# How can I show that $\sum_{k=0}^{\infty} \frac{k-1}{2^k} = 0$?

I'm studying the algorithms book and I have a doubt.

I don't know how can I prove this summation:

$$\sum_{k=0}^{\infty} \frac{(k-1)}{2^k} = 0$$

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Hint

Consider $$\sum_{k=0}^{\infty} (k-1){x^k} =\sum_{k=0}^{\infty} k{x^k}-\sum_{k=0}^{\infty} {x^k}=x\sum_{k=0}^{\infty} k{x^{k-1}}-\sum_{k=0}^{\infty} {x^k}$$ and notice that the first sum is the derivative of $something$. So, you face a geometric series and more or less its derivative. Use the formulas and replace $x$ by $\frac{1}{2}$.

I am sure that you can take from here.

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We have for $|x|<1$

$$\sum_{k=1}^\infty x^k=\frac{x}{1-x}$$ so we differentiate term by term:

$$\sum_{k=1}^\infty k x^{k-1}=\frac{d}{dx}\frac{x}{1-x}=\frac{1}{(1-x)^2}$$ Now we write the given sum in this form (with $x=\frac12$)

$$\sum_{k=0}^\infty\frac{k-1}{2^k}=-1+\sum_{k=2}^\infty\frac{k-1}{2^k}=-1+\frac14\sum_{k=1}^\infty\frac{k}{2^{k-1}}=-1+\frac14\times\frac{1}{\left(1-\frac12\right)^2}=0$$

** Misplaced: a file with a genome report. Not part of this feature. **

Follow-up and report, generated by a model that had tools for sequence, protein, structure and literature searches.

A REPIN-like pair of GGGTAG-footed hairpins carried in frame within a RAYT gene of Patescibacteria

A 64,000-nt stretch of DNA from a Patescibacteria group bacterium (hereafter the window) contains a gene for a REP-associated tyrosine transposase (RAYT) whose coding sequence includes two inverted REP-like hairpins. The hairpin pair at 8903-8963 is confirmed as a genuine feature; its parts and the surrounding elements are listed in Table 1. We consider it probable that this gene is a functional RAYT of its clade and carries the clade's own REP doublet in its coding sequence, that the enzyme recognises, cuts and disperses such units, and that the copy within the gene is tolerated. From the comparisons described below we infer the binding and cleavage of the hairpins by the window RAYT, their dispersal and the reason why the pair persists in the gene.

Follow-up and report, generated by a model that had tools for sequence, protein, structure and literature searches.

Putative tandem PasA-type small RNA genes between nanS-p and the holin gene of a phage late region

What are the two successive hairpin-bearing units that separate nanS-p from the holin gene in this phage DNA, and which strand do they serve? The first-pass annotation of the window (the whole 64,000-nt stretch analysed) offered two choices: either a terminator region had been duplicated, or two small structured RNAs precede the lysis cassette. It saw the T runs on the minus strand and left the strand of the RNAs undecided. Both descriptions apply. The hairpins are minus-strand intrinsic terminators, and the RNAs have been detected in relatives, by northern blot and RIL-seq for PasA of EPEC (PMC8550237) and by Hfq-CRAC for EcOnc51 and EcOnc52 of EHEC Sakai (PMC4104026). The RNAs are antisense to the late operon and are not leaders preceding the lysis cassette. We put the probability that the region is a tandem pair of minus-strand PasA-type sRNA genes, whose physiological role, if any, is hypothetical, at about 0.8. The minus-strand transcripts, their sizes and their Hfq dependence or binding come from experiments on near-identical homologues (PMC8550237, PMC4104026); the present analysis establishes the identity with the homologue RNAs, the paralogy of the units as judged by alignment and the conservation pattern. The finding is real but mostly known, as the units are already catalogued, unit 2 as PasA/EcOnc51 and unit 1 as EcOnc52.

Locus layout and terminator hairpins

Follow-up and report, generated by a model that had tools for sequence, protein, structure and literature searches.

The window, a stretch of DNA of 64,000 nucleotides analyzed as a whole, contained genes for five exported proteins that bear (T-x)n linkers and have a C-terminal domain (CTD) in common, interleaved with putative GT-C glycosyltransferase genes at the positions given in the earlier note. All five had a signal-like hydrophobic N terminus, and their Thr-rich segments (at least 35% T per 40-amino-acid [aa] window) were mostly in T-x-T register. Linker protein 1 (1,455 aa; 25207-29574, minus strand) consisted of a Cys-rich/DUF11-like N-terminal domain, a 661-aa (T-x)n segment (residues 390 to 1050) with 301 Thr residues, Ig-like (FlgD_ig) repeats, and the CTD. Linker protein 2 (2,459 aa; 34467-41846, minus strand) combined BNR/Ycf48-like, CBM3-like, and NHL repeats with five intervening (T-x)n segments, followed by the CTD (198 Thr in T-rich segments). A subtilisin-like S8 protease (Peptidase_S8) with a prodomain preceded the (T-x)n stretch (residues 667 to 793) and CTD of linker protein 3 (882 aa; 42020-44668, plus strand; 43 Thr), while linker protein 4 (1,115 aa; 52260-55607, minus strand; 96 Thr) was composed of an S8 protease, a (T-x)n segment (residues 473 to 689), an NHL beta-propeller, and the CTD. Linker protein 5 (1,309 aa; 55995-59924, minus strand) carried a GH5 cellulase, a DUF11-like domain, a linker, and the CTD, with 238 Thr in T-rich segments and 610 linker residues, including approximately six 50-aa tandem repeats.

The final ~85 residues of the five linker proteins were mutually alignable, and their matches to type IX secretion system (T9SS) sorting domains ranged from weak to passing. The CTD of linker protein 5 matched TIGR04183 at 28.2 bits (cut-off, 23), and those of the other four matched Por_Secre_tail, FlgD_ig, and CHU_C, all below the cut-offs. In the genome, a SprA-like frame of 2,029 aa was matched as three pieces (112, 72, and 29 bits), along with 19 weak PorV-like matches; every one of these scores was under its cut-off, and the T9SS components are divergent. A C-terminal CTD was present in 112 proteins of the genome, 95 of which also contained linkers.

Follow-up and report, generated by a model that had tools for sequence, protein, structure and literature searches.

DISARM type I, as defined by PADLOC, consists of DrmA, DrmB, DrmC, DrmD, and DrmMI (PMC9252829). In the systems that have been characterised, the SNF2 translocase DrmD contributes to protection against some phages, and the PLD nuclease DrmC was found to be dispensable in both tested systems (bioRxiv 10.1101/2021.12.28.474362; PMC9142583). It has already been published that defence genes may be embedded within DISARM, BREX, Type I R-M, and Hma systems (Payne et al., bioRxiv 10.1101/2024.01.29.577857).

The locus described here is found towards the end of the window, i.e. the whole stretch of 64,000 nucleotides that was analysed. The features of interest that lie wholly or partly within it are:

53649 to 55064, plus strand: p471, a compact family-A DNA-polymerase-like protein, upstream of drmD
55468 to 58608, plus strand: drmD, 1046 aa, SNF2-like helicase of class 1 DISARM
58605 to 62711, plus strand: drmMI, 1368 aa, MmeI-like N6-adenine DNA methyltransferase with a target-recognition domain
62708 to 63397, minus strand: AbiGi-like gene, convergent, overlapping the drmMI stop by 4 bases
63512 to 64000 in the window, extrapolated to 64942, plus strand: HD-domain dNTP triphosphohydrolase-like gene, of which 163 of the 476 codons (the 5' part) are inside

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In the last line, at the second equals. Instead of $$\sum_{k=2}^{\infty}$$ would be? $$\sum_{k=1}^{\infty}$$ – Italo Brenner Jun 26 '14 at 12:41

Hint: Taylor expand $$\left(x\frac{d}{dx}-1\right)\frac{1}{1-x}$$ around $x=0$.

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Let $S = \sum_{k=0}^{\infty}\frac{k-1}{2^k}$. Then $2S = \sum_{k=0}^{\infty}\frac{k-1}{2^{k-1}} = \sum_{k=-1}^{\infty}\frac{k}{2^{k}}$.

Subtract first equation from second one.

$S = -2 + \sum_{k=0}^{\infty}\frac{1}{2^k} = -2 + 2 = 0$

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Define $$f(x)=\sum_{k=2}^\infty x^{k-1}=\frac x{1-x}$$ for $x\in(0,1)$. Then, $$f'(x)=\sum_{k=2}^\infty(k-1)x^{k-2}=\frac{1}{(1-x)^2}$$ Therefore, $$\sum_{k=0}^\infty\frac{k-1}{2^k}=-1+0+\frac14f'(\frac12)=-1+\frac44=0$$

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(The first term is negative and the second term is zero. So not all terms are positive.)

Rewrite the sum as $$\lim_{ n \to \infty} \sum_{k = 1}^{k = n } \frac {k -2}{2^{k-1}}$$. This is an arithmetico geometric series.

For a general arithmetico geometric series with the first term a, difference d and common ratio r we have :

$$\sum _{k = 1}^{k = n } \left [ a + (k-1) d \right ]r^{k-1} = \frac {a - [ a + (n-1)d] r^{n}}{1-r} + \frac {dr( 1- r^{n-1})}{(1-r)^2}$$

Thus, the sum in the present case is given as :

$$\lim_{ n \to \infty } \left [ \displaystyle \frac {-1 - [n-2] \displaystyle \frac {1}{2^{n}}}{ \displaystyle \frac {1}{2}} + 2 \left ( 1 - \displaystyle \frac {1}{2^{n-1}} \right ) \right ]$$

Thus the sum is 0.

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